Han Ly Hwang of Kim Jong Grillin' showing off the KJG Dog

Image: Michael Novak

Portland has made waves in recent news as it was declared (once again) as the best pizza city in the country. But there’s a case to be made for Portland’s stellar hot dog scene, too. We might not have street corner hot dog carts like New York City, but we’ve got hot dogs to suit everyone’s style. Chicagoans and Detroiters (the home of the Coney dog, despite the name that suggests New York) alike can find their cities’ dogs well-represented here. If your tastes lean classic meat-and-cheese, we’ve got bacon-cheddar; if you gravitate toward Asian fusion, we’ve got banh mi dogs and kimchi dogs. Read on for our top picks.

The Doghouse PDX

The Doghouse's cheddar bacon dog

This decade-old cart serves up delectably juicy quarter-pound beer-braised all-beef hot dogs—plus the option to sub vegan Field Roast sausage—dressed in a variety of classic comfort food combos. We suggest the Bacon Cheddar dog, with a layer of crispy cheese reminiscent of the Nickelodeon splatter, drizzled with mustard and accompanied by onion, tomato, and pickle for your required daily servings of veggies. Don’t forget to order one of the excellent tot bowls—one of our top 4 in the city—on the side. (Yes, you can get bacon on your tots, too.) 5029 SE Division St —KCH 

Donnie Vegas

The banh mi dog at Donnie Vegas

What’s better than a friendly neighborhood dive bar? A friendly neighborhood dive bar that specializes in hot dogs, featuring a Washington-sourced all beef hot dog (or swap it out for a vegan Field Roast dog) and fluffy buns that are a little sturdier than the standard old-school fare. We opt for the banh mi dog, which comes topped with spicy mayo, crunchy-tangy pickled and shredded daikon and carrots, and slices of cucumber and jalapeño. 1203 NE Alberta St KCH

Kim Jong Grillin'

The KJG dog

Image: Michael Novak

In 2011, Han Ly Hwang’s food cart burned down two hours after claiming the Judges Award at the 2011 Eat Mobile festival. Like a phoenix from the ashes, the Kim Jong Grillin food cart returned in 2014. The KJG hot dog is a must-have if you’re looking for mild heat and Korean American flair. The spicy daikon, kimchi mayo, and pickled mango are excellent additions to the longstanding American tradition of putting meat (in this case, Zenner's sausage) inside a bun. 4606 SE Division St —NC

 

Nick’s Famous Coney Island 

One of the oldest restaurants on the block, Nick’s Famous Coney Island has been serving up gritty diner food since 1935. The namesake Coney Island hot dog is more meat plate than the traditional bun and weiner. This heavy-handed chili dog comes in a single, double, or triple wiener topped with saucy beef, onions, and melted cheese. It's something to eat if you’re craving a hot dog where the bun is barely visible, buried under a pile of beef. Pros: the beefy chili, onions, and cheese are bursting with flavor. Cons: more chili beef than a hot dog, and you may get the meat sweats. 3746 SE Hawthorne Blvd —NC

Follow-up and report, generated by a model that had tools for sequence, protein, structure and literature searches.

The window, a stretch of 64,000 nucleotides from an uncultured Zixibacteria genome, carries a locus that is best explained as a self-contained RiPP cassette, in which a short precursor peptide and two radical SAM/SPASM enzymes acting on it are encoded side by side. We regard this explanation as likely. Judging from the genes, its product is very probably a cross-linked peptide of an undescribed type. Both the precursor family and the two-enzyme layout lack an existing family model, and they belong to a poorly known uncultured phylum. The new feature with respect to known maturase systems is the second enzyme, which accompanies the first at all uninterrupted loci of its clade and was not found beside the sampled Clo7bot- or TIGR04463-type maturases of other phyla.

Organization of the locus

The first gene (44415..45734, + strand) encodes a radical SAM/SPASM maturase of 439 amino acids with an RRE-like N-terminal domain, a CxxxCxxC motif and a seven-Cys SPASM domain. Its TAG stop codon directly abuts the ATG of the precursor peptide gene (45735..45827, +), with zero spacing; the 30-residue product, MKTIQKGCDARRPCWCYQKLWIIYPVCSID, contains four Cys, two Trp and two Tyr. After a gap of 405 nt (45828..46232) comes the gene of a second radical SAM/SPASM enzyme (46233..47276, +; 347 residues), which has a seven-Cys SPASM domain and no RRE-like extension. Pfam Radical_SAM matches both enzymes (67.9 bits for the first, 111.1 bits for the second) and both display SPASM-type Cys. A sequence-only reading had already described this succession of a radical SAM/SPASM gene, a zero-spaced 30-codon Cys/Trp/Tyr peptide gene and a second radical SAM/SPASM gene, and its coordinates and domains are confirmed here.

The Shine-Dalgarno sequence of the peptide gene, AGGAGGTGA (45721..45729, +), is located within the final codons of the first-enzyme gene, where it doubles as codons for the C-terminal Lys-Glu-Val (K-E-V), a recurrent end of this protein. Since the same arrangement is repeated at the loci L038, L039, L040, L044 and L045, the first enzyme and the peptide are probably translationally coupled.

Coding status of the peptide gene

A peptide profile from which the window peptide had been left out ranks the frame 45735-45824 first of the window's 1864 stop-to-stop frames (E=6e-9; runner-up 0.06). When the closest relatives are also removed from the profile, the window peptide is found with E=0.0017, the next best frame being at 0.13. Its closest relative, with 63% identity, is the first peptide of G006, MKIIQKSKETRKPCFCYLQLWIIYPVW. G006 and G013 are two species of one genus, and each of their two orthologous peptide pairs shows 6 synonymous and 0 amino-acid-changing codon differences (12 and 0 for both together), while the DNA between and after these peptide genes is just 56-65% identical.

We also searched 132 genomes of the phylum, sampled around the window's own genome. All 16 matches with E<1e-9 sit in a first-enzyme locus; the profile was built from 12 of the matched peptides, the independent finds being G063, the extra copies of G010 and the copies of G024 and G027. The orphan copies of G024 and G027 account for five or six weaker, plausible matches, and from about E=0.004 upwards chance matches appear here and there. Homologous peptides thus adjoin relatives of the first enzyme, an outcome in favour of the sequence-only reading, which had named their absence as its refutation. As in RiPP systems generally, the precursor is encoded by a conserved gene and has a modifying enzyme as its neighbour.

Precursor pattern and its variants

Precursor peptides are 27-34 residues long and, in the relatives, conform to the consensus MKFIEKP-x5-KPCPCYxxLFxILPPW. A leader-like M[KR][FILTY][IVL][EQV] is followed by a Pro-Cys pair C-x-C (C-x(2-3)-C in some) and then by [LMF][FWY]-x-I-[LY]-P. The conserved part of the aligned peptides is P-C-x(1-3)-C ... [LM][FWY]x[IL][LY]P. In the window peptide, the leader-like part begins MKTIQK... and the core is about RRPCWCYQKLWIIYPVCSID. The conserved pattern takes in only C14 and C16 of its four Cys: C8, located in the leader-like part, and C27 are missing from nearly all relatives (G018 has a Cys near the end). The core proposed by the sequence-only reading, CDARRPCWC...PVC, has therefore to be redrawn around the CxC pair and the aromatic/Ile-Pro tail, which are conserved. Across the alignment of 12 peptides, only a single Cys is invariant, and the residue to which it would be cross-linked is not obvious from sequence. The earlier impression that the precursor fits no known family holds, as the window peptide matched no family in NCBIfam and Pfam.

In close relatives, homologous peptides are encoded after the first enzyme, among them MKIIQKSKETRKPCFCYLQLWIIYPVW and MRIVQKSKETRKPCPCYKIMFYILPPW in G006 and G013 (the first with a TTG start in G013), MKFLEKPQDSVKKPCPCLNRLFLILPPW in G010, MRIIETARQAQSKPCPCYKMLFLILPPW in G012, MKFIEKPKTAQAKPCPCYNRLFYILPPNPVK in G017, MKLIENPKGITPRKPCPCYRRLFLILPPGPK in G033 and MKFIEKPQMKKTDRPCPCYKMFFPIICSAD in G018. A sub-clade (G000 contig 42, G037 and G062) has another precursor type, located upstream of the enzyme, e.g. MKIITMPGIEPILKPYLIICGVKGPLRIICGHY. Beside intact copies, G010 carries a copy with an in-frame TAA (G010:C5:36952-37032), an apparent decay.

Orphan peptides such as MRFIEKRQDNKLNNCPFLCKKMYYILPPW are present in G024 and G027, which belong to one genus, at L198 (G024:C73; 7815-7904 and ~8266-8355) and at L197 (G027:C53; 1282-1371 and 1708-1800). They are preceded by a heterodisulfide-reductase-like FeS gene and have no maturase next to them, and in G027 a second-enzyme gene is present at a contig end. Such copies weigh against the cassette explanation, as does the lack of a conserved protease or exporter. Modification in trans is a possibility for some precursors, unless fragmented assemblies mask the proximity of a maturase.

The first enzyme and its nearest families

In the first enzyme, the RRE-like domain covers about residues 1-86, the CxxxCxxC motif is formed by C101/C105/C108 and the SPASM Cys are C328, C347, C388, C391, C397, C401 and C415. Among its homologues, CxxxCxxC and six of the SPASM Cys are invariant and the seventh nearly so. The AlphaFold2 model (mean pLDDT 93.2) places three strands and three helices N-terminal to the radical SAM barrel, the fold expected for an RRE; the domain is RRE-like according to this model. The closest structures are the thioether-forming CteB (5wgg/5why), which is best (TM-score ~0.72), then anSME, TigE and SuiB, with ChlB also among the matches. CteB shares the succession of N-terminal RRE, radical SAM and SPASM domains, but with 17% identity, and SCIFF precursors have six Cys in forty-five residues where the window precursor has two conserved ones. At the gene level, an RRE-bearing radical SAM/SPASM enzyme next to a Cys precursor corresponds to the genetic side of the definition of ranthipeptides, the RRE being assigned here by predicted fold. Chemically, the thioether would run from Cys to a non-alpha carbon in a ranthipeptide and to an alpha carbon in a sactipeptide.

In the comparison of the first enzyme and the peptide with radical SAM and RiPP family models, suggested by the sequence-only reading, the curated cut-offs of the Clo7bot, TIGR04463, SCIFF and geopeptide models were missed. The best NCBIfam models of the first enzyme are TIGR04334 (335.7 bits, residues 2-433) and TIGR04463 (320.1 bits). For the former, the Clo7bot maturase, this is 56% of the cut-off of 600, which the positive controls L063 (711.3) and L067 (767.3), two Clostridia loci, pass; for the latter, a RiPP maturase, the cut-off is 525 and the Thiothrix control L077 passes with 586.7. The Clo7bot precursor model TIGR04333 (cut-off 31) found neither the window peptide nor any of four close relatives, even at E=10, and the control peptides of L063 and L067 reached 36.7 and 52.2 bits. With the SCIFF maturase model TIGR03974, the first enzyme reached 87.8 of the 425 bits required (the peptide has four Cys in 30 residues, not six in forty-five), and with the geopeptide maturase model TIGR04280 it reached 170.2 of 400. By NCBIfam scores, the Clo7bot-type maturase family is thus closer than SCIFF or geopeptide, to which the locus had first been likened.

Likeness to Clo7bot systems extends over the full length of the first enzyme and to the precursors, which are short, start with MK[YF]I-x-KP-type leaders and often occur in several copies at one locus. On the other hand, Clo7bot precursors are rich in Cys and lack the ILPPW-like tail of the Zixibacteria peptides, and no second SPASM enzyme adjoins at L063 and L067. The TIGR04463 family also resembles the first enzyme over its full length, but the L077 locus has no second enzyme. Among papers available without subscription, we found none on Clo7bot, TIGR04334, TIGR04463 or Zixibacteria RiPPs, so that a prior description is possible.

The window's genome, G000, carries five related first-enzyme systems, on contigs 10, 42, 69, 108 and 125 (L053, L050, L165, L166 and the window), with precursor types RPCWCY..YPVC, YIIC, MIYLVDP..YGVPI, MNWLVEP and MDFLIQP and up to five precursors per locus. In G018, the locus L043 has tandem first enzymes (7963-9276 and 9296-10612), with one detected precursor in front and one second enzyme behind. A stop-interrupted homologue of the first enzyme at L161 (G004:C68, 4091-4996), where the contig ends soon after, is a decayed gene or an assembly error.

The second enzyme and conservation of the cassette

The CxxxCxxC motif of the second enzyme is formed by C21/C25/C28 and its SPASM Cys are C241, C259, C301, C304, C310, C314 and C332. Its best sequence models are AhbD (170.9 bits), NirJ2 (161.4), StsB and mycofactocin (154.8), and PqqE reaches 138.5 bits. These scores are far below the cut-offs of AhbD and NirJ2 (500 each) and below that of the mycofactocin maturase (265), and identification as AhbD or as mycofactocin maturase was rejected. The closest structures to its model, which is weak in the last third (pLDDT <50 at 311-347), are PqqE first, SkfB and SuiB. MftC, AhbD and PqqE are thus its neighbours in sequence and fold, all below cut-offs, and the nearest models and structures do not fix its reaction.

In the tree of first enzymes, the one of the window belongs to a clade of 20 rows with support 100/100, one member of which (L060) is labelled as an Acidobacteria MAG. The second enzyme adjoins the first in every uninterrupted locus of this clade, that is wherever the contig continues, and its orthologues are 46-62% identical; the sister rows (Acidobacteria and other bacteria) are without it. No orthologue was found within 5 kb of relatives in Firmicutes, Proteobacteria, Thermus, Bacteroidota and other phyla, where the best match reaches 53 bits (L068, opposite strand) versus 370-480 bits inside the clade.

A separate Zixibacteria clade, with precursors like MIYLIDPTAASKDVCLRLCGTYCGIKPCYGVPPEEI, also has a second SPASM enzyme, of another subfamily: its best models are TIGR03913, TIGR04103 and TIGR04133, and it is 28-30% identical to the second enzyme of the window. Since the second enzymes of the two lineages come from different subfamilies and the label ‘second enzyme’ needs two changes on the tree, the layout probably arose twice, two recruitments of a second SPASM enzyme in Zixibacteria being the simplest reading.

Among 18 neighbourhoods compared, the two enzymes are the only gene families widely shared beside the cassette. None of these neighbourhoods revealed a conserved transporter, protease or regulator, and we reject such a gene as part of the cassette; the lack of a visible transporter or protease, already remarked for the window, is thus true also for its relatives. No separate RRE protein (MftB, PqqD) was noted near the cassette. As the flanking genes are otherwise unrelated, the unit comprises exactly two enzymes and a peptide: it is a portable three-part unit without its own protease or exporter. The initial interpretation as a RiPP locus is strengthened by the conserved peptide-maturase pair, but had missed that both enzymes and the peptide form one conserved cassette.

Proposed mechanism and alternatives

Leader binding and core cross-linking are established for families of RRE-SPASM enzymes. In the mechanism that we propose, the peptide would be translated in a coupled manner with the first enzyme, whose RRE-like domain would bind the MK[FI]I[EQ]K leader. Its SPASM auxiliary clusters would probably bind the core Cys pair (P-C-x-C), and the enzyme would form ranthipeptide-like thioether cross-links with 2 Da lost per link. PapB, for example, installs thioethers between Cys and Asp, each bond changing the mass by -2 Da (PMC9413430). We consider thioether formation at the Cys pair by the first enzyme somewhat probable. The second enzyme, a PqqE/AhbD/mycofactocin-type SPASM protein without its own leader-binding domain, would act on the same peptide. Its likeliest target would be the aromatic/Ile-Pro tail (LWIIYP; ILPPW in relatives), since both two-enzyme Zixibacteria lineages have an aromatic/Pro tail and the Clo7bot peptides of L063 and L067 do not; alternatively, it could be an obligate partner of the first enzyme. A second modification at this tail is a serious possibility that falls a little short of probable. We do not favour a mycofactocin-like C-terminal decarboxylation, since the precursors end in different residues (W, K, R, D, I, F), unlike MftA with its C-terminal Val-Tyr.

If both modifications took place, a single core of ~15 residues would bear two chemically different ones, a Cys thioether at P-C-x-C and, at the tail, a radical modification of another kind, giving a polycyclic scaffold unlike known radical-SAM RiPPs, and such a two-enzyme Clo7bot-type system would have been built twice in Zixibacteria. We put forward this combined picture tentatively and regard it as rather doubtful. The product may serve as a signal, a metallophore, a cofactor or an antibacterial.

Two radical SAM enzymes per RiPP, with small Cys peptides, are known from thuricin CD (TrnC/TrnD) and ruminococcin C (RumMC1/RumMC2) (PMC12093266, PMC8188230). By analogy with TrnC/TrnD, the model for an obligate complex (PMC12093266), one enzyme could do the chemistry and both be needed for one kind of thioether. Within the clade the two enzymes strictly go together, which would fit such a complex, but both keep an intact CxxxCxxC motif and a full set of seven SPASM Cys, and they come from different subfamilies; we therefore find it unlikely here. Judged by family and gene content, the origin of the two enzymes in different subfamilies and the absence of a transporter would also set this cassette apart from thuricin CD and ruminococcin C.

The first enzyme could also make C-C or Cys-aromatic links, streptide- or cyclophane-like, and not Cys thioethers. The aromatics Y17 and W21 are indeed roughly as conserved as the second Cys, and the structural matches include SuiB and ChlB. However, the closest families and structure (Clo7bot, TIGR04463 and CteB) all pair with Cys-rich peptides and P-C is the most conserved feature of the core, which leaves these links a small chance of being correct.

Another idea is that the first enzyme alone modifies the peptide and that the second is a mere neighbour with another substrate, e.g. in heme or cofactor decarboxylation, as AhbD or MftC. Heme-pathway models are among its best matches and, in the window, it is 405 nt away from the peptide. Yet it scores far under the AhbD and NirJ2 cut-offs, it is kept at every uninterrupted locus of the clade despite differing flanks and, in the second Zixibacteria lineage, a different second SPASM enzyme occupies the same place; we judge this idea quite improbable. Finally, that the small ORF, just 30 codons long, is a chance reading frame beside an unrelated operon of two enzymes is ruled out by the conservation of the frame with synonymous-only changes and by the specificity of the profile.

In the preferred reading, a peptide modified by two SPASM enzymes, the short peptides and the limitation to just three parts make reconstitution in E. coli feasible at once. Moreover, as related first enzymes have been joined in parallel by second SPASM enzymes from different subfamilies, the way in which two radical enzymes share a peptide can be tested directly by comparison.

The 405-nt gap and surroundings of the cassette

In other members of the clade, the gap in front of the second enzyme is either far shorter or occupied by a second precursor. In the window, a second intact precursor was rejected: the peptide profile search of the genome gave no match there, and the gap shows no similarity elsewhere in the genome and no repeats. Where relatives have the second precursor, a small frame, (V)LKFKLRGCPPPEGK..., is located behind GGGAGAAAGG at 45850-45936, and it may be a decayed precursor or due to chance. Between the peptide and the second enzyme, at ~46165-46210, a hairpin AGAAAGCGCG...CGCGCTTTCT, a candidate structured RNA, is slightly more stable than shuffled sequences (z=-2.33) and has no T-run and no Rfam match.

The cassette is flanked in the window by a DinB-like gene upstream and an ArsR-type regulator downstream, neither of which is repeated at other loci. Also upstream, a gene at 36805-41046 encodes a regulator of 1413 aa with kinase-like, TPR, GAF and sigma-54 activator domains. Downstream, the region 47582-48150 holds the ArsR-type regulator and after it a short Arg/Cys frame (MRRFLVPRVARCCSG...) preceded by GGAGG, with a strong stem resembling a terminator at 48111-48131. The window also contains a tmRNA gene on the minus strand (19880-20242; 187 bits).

Otto’s Sausage Kitchen 

The old-fashioned wiener at Otto's

It always feels like summer at Otto’s Sausage Kitchen in Woodstock, where from 11-5 every day, you’ll find the smell of freshly cooked sausages wafting from the grill. This meat market and deli, open since 1922, boasts nearly a century of expertise. The snappy old fashioned wiener is what you’ll want to order if you’re craving a classic hot dog, though the super-juicy beer sausage—a beer-simmered pork link—is another hit. Dress them yourself with a variety of mustards, ketchup, relish, sauerkraut, onions, and relish, and plop yourself at one of the outdoor picnic tables, or head to Woodstock Park to eat on the grass. 4138 SE Woodstock Blvd —KCH

Roake’s

The Long Coney dog from Roake's

This old-school Milwaukie institution, open since 1937, is best known for its “Long Coney Dog,” as the neon-illuminated dachshund on top of the diner-style, stainless steel-walled building might suggest. The skinny foot-long dog comes topped with yellowish, mildly spiced Coney sauce (with a bean here and there and a couple crumbles of meat—exercising much more restraint than the meat-laden dogs at Nick’s) and diced white onion on a lightly toasted bun. The hand-cut fries look and taste like they’re made of real potatoes and are fried to a beautiful deep golden brown, but much like In-N-Out fries, the crispness (or lack thereof) leaves something to be desired. 18109 SE McLoughlin Blvd —KCH

Zach’s Shack

The Chicago Dog at Zach's Shack

Equal parts dive bar and hot dog shop, this is my go-to for one of the closest reproductions of the Chicago-style hot dog I’ve had on the West Coast. What it gets right: the boiled beef dog, the pickle spears, the neon relish, the diced white onion, the sport peppers (few places nail this part), the celery salt, the poppy-seed bun, the dogs sourced from Chicago, no ketchup within a mile radius. (Substitute a tofu dog or turkey dog if you'd like.) It satisfies that itch without needing to fly into O’Hare, and what's more, you can play ping pong on the patio and drink a tallboy Rainier while you’re at it, too. 4611 SE Hawthorne Blvd KCH

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